Succeeding the establishment of the Nightline association in 1970, Durham Nightline soon saw its own inception in 1973; pioneered by three eager Durham University students following on from their work as Durham Samaritans. Celebrating their 50th anniversary this year, Durham Nightline is All Night. All Term. All Ears
Publicity officer, Gillian, explains that after signing up in June 2020 as part of post-lockdown training, she was looking for something new and a means of gaining experience. It soon became clear that she was passionate about volunteering. Likewise, training officer Dom joined via his college requiring them to do welfare training. After they realised how important the cause was, there was no going back! James told me that he joined Durham Nightline in the first term of his first year. “Once you get involved in it, it’s very easy to become sucked into things… a lot of the more experienced volunteers were incredibly encouraging for you to do more within the organisation.”
What is it like being a public face of Nightline?
Throughout our discussion it became abundantly clear that our Nightline is an all inclusive organisation made up of Durham’s finest individuals. James, Gillian and Dom are part of just a few ‘public faces’ which Gillian explains has the benefits of getting to “interact with a lot of different people both inside and outside of Nightline”. James notes that “it is kind of weird when you first start out as a public face” given that many of them were anonymous volunteers to begin with. Nonetheless, despite Nightline probably being “one of the most secretive groups of people in Durham…it’s one of the best.”
What services does Nightline offer?
James explains that “We are open from 9PM to 7AM, Tuesday to Saturday, during term time. We can be contacted via the instant messaging system which is on our website, or via the number on the back of your campus card.” When asked if there is anything in particular that Nightline wishes to be contacted about, Dom assured us that “you can basically contact Nightline for any reason. For talking when you’re walking home on a night out, or if you’re particularly stressed about anything – any topic really. It’s kind of like we’re there to just talk to you and kind of have an open conversation about things that maybe you couldn’t discuss with anyone else.” Gillian adds that “ I guess like academic stress, being students, is quite common…Some people think that their problems are too small for Nightline, but there’s nothing too small for us because if someone wants to talk we’re there to listen.”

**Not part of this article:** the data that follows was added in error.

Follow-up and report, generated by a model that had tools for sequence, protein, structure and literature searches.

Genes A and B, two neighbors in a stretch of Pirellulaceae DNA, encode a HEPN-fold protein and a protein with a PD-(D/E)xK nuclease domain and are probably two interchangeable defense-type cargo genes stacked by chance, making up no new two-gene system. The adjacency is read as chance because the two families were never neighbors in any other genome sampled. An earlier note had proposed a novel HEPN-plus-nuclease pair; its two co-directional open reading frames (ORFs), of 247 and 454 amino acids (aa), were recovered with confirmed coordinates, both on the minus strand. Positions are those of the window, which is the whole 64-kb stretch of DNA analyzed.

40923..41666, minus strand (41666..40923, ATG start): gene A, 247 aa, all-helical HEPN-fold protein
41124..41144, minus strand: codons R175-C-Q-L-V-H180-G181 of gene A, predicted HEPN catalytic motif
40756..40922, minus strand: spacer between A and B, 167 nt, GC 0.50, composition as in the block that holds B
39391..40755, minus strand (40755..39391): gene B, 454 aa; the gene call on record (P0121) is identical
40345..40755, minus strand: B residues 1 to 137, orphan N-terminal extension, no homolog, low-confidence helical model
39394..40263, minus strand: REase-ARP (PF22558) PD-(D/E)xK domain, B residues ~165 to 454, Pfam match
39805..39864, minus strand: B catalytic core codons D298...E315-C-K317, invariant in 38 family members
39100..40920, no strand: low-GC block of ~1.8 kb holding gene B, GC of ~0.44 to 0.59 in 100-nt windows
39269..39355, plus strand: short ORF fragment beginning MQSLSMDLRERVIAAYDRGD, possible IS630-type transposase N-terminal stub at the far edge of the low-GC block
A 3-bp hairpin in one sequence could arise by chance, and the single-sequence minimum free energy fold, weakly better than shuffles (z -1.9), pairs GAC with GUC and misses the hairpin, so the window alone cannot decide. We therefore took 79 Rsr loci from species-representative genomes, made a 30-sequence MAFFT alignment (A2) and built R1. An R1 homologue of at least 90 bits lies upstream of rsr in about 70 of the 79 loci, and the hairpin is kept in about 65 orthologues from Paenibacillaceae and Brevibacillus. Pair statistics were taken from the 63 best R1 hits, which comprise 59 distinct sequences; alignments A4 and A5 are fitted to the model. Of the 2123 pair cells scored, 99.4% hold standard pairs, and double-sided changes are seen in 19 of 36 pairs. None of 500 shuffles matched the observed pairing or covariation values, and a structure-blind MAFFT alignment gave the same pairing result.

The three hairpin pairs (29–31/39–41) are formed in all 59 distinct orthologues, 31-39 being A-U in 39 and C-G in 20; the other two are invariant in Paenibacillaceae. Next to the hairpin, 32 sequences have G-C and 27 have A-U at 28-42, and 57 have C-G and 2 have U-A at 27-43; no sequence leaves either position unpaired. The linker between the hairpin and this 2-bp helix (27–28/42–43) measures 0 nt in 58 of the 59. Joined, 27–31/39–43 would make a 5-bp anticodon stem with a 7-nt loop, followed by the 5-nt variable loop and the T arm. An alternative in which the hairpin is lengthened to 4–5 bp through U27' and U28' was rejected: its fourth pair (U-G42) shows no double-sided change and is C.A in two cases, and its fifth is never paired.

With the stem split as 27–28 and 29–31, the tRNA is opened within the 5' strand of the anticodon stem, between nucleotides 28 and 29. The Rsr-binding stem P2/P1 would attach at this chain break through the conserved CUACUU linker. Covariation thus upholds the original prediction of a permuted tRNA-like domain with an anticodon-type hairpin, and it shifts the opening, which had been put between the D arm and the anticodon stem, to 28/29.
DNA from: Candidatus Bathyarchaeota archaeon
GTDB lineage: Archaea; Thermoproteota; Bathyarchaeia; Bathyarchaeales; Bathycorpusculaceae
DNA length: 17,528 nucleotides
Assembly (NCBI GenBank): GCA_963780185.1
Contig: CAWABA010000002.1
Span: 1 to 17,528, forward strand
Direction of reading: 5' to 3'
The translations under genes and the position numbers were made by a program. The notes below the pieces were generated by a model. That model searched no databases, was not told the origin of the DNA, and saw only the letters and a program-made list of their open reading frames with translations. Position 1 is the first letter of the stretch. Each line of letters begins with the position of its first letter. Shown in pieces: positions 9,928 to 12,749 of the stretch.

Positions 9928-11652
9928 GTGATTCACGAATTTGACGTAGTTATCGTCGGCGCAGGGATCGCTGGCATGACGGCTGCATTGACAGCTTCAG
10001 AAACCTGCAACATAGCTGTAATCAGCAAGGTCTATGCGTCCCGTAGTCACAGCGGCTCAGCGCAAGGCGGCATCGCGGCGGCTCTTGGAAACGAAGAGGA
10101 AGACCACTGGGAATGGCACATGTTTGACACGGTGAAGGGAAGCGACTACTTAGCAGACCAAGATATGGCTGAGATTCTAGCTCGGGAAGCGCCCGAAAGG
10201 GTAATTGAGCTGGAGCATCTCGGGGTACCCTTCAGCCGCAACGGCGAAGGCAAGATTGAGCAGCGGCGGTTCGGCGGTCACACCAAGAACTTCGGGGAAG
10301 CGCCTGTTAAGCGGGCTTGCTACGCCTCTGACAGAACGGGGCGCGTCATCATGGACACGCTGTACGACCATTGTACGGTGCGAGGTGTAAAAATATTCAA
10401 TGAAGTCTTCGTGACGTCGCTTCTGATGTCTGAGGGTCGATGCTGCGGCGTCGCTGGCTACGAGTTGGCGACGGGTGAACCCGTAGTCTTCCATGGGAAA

How can people get involved with Nightline as volunteers?
Training officer Dom explained that the training weekends are the best way to get involved with Nightline. By now we should have seen that an upcoming training weekend is taking place post-exam season on the 4th June, with follow up days on the 10th and 11th June. “It will be incredible!” Dom explains.The first day goes through what Dom describes as the “active listening principles”. Where these apply generally to social and welfare contexts. They add that this will “show you how you can use certain skills to improve the openness of the conversation, and make it more tailored to the person in an emotional sense.” Dom clarified that if you would like more training in a specific area or would like to get more involved with specific Nightline welfare, then the following weekend of training is for you. Furthermore, Gillian explains that “we do lots of roleplay practice as that’s what the interviews are based on.” The training weekend provides a helpful avenue to be interviewed for becoming a Nightline volunteer.
How should we remember Durham Nightline?
The three Nightline representatives emphasised that, from an internal perspective, becoming a volunteer immerses you in an inclusive and encouraging community. James explained that “It attracts the type of people who are probably going to be quite naturally supportive, so it ends up being this incredibly supportive community where people are actively encouraged to take part, and actively supported through it.” Dom added that it is simply “A family of like-minded people that want to give up their time.” Gillian reassured us that “I have never met a Nightliner that I have not liked.” Yet, from an external perspective, and for all of the callers out there, Dom was keen to add that “there is no topic too small, and we’re there all night to listen…You don’t need to feel in any way that you re burdening us as its our choice to be there, and we want to help…that’s why we duty every night!”
Durham Nightline are available when you need them, and can be found on both Instagram and Facebook, as well as on their website. We thank them for their hard work and dedication to Durham University welfare.
Follow the link if you would like to sign up to the upcoming training weekend!
Image credits: Durham Nightline